There was a picture of Tristin Wirfs in the Des Moines Register Tuesday, announcing that he would be back with the University of Iowa team after getting drunk and being arrested for OWI, trying to take two other guys home on a motor scooter. They drew the attention of police because they were laughing boisterously.
Really. Three drunks (including one that weighs over 300 pounds) on a motor scooter. And you wonder why people leave the coaching profession for jobs picking tomatoes or fishing for sharks.
I saw Wirfs close up when Albia played Mount Vernon in the UNI-Dome. He is a marvelously talented athlete with a brain apparently the size of a pea. And you wonder, what was the kid thinking?
I have this affinity for coaches. My brother was a football coach for 10 years before entering the ministry (who better knows the power of prayer than a football coach?). My wife was a drama coach for four or five years. My high school football coaches, Ommen and Kolpin had a profound effect on the direction of my life, as did a number of coaches I have covered over the years. My kids benefited from terrific high school coaches and my middle daughter suffered two years at the hands of a coach who was in over her head at the college level.
I still liked her and I had empathy for what she faced with an undersized, injury riddled Central College women’s basketball team.
A few of the kids I played sports with in high school, and sadly many more I’ve covered as a career community newspaper guy, had (and have) the idea that they were a gift to coaches and their respective teams. They looked at practice time as an option to attend if they didn’t have something better to do. Some had a sense of entitlement and quit the minute another player beat them out for a position on the team.
I’ve been a knucklehead on and off most of my life, but it never, ever occurred to me that I was entitled to anything on a team I played on and the gift was a gift offered to me from my coaches, and more importantly, from my parents.
I’ll admit the times were different when I was playing three and occasionally four sports in the mid-1960s and early 1970s. We had 41 juniors and seniors on my senior football team and coaches kept a four-deep roster. To make the second string was laudable. To stand atop the position chart was maybe the greatest feeling in the world. Knowing there were at least two guys, likely as good as you, chomping at the bit to take your position, was an amazing motivating factor.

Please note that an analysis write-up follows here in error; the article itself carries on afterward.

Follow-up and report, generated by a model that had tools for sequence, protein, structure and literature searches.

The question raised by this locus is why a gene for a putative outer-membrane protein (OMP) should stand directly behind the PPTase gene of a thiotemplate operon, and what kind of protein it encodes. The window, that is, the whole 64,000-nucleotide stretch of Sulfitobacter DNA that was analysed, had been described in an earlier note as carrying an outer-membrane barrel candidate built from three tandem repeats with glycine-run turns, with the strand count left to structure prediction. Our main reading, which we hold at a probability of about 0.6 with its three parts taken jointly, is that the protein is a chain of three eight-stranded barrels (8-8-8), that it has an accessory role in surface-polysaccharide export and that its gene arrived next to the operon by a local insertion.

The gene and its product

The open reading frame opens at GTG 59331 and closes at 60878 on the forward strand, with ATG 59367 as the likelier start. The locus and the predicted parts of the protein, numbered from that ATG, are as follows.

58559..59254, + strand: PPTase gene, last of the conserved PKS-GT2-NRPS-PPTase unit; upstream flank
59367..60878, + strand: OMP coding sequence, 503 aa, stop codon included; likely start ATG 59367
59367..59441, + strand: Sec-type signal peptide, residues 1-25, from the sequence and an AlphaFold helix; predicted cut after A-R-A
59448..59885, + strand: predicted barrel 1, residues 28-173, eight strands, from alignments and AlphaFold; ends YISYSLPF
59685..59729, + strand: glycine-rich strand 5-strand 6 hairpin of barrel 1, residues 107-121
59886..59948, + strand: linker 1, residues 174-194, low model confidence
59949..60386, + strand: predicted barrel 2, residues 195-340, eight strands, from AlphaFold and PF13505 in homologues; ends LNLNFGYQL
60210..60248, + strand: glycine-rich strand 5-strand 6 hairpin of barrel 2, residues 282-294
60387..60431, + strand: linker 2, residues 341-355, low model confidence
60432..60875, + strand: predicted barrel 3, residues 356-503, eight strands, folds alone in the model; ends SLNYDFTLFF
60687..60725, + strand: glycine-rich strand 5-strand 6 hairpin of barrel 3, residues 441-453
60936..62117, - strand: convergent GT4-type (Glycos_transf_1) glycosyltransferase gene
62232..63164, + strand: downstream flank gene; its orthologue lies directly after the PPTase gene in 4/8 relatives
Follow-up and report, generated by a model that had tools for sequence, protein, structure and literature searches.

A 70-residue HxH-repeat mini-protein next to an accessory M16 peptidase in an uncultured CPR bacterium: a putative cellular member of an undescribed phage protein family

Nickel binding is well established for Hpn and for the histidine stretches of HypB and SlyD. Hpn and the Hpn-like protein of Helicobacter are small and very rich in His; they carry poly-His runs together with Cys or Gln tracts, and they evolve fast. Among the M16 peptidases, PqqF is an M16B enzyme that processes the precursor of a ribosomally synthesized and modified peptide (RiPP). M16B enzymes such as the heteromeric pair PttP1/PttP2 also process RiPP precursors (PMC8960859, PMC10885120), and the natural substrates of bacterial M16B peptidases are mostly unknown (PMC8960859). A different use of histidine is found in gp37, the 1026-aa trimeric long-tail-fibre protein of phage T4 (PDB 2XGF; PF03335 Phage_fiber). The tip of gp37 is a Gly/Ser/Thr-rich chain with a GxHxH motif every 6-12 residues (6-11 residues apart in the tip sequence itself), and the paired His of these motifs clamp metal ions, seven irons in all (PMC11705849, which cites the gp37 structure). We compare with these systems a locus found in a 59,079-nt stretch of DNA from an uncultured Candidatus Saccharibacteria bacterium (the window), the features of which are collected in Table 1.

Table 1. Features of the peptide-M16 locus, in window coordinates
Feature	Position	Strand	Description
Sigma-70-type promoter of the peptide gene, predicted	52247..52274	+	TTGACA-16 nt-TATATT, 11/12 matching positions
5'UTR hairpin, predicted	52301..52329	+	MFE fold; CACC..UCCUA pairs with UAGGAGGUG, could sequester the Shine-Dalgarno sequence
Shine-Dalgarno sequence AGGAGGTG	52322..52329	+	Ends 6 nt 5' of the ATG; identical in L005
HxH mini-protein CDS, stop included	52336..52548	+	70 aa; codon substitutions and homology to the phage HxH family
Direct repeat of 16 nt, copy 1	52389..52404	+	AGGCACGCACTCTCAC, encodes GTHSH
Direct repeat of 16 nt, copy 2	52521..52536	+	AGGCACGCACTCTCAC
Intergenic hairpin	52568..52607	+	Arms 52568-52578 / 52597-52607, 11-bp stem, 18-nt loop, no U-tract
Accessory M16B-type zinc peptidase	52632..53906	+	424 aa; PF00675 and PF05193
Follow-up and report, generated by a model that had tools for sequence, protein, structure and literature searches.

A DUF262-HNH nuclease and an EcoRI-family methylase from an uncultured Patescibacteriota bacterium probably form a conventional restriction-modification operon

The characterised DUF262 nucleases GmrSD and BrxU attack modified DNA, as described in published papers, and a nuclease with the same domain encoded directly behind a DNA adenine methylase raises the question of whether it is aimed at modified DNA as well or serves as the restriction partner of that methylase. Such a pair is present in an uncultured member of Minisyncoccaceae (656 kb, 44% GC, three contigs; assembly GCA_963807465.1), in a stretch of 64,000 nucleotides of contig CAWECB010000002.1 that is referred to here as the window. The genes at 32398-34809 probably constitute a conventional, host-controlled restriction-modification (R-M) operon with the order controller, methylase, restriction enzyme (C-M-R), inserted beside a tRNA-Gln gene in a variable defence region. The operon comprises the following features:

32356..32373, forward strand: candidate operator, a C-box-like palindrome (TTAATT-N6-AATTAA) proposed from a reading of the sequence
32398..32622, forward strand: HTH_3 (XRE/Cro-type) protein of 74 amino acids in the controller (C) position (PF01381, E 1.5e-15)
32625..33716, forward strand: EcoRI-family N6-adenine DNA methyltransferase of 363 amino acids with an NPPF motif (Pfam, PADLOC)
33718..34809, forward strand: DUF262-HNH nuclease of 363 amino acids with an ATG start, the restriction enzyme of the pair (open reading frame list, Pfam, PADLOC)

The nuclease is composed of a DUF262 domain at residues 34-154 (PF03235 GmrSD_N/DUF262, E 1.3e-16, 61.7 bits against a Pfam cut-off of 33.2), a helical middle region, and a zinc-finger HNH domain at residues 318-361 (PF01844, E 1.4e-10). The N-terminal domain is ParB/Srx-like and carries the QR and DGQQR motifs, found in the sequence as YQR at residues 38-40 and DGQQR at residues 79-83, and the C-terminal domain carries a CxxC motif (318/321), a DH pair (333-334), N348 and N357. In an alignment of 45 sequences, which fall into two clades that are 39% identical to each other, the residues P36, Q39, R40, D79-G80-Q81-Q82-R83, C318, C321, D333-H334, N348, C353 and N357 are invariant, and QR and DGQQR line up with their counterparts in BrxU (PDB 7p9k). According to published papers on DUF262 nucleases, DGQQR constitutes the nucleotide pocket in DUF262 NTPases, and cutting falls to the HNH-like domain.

To be offered a chance to play by a coach was the moon and the stars.
Even more so (my parents never made a big deal out of it) my older brother (and later younger siblings) and I knew that our play came at a sacrifice to my parent’s farming operation. This was still in the era where farm kids were needed for serious manual labor to work on the farm. For us to play football in the fall meant two or three hours each day my dad didn’t have the help he needed to bring in the harvest. To run track in the spring meant filling the planter boxes himself and coming in early to chore instead of having his boys helping. Baseball in the summer meant shutting down our haying effort at three or four in the afternoon, the prime time to get work done.
It also meant for us a short turn-around from practice, to supper and putting on layers of sweatshirts and coats to help bring in harvest in the dark and getting up earlier than any of the city kids on the team to work hogs on Saturdays.
We never felt entitled to much of anything and between the fear of letting our coaches down and disappointing our parents, we stayed out of trouble and kept our grades at acceptable levels. (My mother would argue that the only time my grades were really good was during football season when I was terrified of facing one of my coaches.)
Playing high school sports was a gift. It still is if people look at it correctly.
My offensive line coach, a fearsome man named Ken Kolpin, was a near perfect metaphor for being politically incorrect and the tone of his voice and his use of often times prickly verbage could make all-state seniors tear up. In a moment of brutal candor after an off-season violation by one of our players, he gathered us together and said, “Boys, you’ve got your entire life to drink and screw around. You’ve got four years to play football.”
You can take that philosophy and apply it practically anywhere in the public school setting, where parents join faculty and administration to slavishly provide the best facilities, the best uniforms and the best coaches they can possibly afford to give their kids the opportunity to play, or act or participate in FFA or perform in instrumental and vocal choirs. Fifty years ago when I started playing high school sports in my home at least, there was a clear path in terms of being grateful for the gift.
I fear we’ve allowed that path to be blurred by an entitlement attitude and somehow making kids feel like they are the most important element in human society. News flash. Kids are not.
I’m not sure how you pound it into a kid’s head the risk he when he does any number of stupid, thoughtless and often times dangerous things, including the use of drugs and alcohol, messing with sex and incredibly failing classroom work. You actually have to work harder to fail a class than to pass it with today’s teacher initiatives, tutors and other interventions.
I’m never ready to give up on kids because some of the finest men and women I know today were total screw-ups as teenagers. But I’m always ready to give a coach a word of encouragement, knowing they are staking their careers on young men and women who are missing a whole lot of puzzle pieces in constructing their lives.